With many security firms battling low personnel retention and engagement, the knock-on effect is no-call no-shows, vacant shifts, and other scheduling problems. But what can security service providers do to a) tackle immediate problems with scheduling and b) work to resolve the underlying challenges that cause scheduling issues in the first place?

Unchecked, scheduling problems can lead to a great deal of manual work to fill vacant shifts and no-shows, distracting you from value-adding tasks. Worse still, it may lead to errors such as a mismatch between resource allocation and customer requirements, unnecessary overtime spending, or undermine SLA performance if shifts can’t be filled. From a compliance point of view, you may also find yourself in breach of collective bargaining agreement clauses around shift replacement priority, further increasing exposure to liability.

Regular no-call no-shows may also be a symptom of a wider malaise among your personnel or a structural problem in your operations.

Dealing with scheduling challenges

No-Call No-Shows & Other Security Scheduling Problems
Unchecked, scheduling problems can lead to a great deal of manual work to fill vacant shifts and no-shows.

As we’ve discussed in the past, the right security workforce management software can help you manage scheduling more efficiently.

With technology driving your scheduling, you can view personnel availability and vacant shifts in real time. You can enforce minimum training or skills requirements per site, and also view when overtime, or other premiums are going to be incurred. With a view over vacant shifts, you can trigger shift offering for open shifts where available personnel are contacted en masse by SMS about open shifts and awarded the work on a first-come-first-served basis, or send SMS sequentially. You can further tailor your automated shift offering to cascade the alerts sequentially to different batches of security personnel, as well as offering premium rates to help fill tricky shifts.

With access to real-time operational data, you’ll soon be able to spot any recurring trends in your scheduling that may prompt a rethink of your staffing operations.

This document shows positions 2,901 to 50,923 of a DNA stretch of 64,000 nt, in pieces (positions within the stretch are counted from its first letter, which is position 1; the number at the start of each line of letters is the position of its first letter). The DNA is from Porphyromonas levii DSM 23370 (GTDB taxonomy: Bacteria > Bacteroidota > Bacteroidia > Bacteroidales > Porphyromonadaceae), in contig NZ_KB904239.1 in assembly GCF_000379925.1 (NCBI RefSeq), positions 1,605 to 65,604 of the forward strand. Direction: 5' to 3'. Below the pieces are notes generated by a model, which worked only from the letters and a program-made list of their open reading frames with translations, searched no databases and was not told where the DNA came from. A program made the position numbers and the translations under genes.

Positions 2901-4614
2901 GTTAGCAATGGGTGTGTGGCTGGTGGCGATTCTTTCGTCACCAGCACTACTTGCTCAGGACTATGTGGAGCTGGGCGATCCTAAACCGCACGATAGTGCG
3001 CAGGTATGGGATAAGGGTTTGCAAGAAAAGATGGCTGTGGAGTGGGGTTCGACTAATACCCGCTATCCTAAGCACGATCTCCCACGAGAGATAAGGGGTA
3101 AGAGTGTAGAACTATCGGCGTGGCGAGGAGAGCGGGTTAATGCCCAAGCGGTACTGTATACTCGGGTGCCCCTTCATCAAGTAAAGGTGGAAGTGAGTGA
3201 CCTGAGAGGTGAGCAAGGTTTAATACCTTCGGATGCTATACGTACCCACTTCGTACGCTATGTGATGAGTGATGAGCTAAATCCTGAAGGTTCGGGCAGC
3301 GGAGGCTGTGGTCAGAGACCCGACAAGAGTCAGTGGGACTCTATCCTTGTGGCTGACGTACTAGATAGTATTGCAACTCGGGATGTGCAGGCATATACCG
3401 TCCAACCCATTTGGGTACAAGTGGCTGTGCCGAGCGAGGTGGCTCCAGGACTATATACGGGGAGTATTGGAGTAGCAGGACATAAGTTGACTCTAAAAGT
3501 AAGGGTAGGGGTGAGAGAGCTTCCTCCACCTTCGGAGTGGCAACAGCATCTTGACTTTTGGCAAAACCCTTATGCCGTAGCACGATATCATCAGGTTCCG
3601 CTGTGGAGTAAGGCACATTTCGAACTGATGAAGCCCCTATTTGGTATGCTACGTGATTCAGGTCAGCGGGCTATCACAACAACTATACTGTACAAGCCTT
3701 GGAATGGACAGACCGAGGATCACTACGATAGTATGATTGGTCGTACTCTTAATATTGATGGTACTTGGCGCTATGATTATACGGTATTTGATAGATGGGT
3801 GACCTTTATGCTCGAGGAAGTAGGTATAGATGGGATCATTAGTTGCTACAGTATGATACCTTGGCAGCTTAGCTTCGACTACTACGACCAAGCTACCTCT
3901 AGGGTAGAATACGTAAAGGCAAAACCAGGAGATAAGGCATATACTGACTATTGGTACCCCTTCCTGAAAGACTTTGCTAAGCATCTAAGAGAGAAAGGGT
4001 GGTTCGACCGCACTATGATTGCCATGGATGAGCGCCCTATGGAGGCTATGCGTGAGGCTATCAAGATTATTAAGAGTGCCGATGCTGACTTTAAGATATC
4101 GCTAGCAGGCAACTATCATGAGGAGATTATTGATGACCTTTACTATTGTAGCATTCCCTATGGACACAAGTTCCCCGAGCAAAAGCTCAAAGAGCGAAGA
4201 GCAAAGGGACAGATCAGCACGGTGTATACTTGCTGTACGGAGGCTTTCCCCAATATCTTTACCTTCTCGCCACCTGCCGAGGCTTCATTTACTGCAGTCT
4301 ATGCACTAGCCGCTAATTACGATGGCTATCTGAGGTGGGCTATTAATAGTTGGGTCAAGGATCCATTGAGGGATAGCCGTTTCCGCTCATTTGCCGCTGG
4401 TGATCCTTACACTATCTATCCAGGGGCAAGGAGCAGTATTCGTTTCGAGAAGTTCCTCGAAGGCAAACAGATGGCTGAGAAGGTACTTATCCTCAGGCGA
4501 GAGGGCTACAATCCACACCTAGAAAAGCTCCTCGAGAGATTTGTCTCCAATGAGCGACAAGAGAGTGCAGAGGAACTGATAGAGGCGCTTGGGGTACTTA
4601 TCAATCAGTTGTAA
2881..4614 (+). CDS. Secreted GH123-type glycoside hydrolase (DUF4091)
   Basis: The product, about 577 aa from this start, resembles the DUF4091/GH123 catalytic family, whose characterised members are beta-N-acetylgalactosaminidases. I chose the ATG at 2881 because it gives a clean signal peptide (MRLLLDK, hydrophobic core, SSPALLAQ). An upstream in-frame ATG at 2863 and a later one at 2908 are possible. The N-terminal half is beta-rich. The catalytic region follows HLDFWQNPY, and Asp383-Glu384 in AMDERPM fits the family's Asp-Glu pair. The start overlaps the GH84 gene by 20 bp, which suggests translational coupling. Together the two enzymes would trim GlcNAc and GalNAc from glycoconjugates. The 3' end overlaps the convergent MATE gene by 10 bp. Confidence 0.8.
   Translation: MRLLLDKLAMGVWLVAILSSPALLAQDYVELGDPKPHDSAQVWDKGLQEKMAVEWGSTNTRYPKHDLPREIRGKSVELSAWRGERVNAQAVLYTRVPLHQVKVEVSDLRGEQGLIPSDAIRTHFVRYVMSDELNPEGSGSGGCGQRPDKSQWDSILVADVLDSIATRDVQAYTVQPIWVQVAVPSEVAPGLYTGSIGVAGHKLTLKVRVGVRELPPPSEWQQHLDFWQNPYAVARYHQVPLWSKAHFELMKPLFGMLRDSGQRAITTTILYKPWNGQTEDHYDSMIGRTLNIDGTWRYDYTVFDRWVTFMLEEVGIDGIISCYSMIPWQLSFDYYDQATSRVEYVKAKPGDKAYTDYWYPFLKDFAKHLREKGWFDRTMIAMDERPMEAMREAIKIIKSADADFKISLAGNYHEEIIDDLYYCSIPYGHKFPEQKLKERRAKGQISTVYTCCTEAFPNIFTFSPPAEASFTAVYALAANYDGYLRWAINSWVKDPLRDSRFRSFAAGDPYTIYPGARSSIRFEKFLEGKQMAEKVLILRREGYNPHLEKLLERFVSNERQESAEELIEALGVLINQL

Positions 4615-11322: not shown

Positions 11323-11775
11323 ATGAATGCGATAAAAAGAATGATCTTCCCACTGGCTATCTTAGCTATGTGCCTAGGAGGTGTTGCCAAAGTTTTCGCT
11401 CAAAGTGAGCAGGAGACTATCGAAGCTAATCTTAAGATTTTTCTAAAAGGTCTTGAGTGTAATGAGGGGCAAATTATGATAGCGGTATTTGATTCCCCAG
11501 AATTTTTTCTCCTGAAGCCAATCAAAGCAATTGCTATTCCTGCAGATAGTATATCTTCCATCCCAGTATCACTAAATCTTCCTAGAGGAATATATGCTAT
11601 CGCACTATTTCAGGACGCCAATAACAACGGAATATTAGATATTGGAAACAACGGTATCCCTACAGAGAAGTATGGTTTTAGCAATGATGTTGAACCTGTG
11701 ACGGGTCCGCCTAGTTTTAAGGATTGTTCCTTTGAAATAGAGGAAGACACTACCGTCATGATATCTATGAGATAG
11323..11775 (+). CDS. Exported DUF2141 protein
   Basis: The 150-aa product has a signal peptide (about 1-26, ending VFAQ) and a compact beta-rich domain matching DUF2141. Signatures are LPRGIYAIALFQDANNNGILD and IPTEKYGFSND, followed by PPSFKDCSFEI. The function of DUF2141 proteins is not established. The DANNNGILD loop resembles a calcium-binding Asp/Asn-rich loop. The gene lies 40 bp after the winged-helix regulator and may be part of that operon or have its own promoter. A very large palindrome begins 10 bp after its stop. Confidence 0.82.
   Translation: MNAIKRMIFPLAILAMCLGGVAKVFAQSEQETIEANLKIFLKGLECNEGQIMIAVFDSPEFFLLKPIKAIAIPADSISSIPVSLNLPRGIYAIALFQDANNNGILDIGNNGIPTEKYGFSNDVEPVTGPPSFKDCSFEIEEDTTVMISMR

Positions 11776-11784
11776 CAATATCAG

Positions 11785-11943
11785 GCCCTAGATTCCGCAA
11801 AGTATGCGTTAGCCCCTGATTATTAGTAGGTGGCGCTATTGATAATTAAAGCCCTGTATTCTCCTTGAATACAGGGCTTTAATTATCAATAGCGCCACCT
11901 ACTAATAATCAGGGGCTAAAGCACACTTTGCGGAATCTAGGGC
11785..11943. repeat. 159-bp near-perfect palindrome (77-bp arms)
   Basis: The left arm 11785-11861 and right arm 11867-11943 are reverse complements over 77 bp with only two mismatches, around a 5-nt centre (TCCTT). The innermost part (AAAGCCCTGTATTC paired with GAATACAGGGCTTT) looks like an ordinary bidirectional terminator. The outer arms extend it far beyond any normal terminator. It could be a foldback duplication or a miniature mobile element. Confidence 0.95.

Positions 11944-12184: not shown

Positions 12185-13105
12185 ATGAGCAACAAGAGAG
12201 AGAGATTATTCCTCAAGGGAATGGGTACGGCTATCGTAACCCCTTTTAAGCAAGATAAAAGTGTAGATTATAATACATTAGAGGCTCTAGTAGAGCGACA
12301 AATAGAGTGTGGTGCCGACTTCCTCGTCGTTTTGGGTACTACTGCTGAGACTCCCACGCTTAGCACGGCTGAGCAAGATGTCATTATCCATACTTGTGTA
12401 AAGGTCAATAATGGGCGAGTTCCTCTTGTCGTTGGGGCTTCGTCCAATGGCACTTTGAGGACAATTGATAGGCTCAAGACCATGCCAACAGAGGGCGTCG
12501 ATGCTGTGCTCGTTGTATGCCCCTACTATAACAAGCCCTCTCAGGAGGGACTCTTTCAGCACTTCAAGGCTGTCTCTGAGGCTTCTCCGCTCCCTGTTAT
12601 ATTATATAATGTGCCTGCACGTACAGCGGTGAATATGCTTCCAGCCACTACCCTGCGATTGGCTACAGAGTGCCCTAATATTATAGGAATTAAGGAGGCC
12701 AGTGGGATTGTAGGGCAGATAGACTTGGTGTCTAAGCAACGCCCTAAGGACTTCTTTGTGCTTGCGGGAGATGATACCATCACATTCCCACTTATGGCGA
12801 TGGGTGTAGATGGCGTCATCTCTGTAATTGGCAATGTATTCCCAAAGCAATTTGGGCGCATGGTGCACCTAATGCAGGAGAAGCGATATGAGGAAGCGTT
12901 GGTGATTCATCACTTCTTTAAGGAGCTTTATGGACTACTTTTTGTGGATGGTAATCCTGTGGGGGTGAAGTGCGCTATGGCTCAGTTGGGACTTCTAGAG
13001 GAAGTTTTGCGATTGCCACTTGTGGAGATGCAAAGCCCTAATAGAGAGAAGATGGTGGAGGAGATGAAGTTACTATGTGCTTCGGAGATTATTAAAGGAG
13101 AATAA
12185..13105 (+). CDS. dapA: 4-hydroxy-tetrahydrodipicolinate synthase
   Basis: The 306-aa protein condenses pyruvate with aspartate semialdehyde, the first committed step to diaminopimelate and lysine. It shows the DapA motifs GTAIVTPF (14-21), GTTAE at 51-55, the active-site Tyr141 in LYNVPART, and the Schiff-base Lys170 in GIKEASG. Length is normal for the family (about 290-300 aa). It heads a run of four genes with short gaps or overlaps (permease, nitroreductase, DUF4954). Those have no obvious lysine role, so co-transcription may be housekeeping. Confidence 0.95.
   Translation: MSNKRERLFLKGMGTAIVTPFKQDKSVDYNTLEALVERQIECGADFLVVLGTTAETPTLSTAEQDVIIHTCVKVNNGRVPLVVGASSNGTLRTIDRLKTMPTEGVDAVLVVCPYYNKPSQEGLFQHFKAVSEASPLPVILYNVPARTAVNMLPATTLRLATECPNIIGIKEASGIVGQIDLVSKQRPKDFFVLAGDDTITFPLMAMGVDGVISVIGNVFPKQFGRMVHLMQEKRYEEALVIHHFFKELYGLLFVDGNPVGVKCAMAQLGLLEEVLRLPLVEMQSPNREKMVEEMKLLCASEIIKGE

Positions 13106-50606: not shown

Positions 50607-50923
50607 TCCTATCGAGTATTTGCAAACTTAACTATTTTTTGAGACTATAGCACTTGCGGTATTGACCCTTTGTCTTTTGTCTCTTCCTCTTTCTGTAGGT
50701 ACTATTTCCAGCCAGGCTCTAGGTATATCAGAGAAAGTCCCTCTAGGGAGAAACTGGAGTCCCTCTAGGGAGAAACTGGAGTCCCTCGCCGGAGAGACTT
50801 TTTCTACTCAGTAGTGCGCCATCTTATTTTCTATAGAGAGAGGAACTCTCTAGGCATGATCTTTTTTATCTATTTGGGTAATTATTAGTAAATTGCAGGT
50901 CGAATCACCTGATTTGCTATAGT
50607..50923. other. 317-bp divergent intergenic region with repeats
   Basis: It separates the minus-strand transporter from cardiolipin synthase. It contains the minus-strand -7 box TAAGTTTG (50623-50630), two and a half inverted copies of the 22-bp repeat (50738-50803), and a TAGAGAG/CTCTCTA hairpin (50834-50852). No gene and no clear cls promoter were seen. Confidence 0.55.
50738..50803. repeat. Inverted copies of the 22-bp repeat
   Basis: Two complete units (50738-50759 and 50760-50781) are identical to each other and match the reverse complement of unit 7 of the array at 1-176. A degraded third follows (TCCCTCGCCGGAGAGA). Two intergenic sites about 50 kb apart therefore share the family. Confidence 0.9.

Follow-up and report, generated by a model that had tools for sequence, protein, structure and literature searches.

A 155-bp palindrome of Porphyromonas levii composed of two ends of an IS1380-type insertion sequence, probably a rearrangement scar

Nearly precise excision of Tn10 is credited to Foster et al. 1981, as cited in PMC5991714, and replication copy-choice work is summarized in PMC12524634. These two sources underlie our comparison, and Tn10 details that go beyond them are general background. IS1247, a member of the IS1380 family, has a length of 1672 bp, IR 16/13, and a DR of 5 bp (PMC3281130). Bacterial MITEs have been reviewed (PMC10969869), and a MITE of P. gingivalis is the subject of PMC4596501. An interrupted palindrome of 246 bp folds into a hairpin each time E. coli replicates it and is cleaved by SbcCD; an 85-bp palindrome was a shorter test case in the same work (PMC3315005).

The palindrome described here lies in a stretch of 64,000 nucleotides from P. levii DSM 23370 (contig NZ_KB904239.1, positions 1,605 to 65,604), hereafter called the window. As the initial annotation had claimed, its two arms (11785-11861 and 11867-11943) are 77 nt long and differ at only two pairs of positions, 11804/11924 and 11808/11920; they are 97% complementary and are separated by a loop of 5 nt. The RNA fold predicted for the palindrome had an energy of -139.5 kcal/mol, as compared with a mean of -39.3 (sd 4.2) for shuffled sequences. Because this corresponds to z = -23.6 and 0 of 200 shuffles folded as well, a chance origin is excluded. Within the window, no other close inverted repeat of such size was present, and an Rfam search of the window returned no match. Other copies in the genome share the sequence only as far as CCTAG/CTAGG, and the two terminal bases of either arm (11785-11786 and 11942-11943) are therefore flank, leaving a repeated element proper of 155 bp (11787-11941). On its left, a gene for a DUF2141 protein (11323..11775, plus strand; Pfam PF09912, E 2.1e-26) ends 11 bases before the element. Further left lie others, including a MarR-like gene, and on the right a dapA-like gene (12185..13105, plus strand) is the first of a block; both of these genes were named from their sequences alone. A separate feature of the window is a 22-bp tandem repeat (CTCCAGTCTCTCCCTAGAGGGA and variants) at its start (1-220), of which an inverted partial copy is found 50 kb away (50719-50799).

Attracting and retaining talent

As mentioned, no-call no-shows may also be an indicator of security personnel sentiment. The security industry is notorious for high turnover and recruitment is a perennial problem. As a security manager, it’s traditionally been difficult to walk the line between tight margins and keeping your best resources. But with today’s technology, it has become easier to create an environment that favors retention.

With actual scheduling data driving your payroll preparation, you can use this payroll-ready data to run accurate, regular payroll that gains you a reputation as a responsible and reliable employer. Equally, by limiting overtime, you can make progress on distributing your shifts more evenly, therefore keeping more of your people happy.

Finally, tracking and analyzing operational data can help you recognize and reward high-performing individuals on your books and incentivize fidelity in ways that make sense for your business model.

Taking a holistic approach to security

It’s tempting to try and tackle scheduling in isolation, given how business critical it is. But it’s only when you pursue a joined-up approach to your security operations that you can really resolve the underlying issues that drive scheduling problems, and deal with any unavoidable challenges effectively.

Technology allows you to make the necessary connections between your frontline and back office to make strategic decisions around resource allocation, and make sure you keep both your people and your customers happy.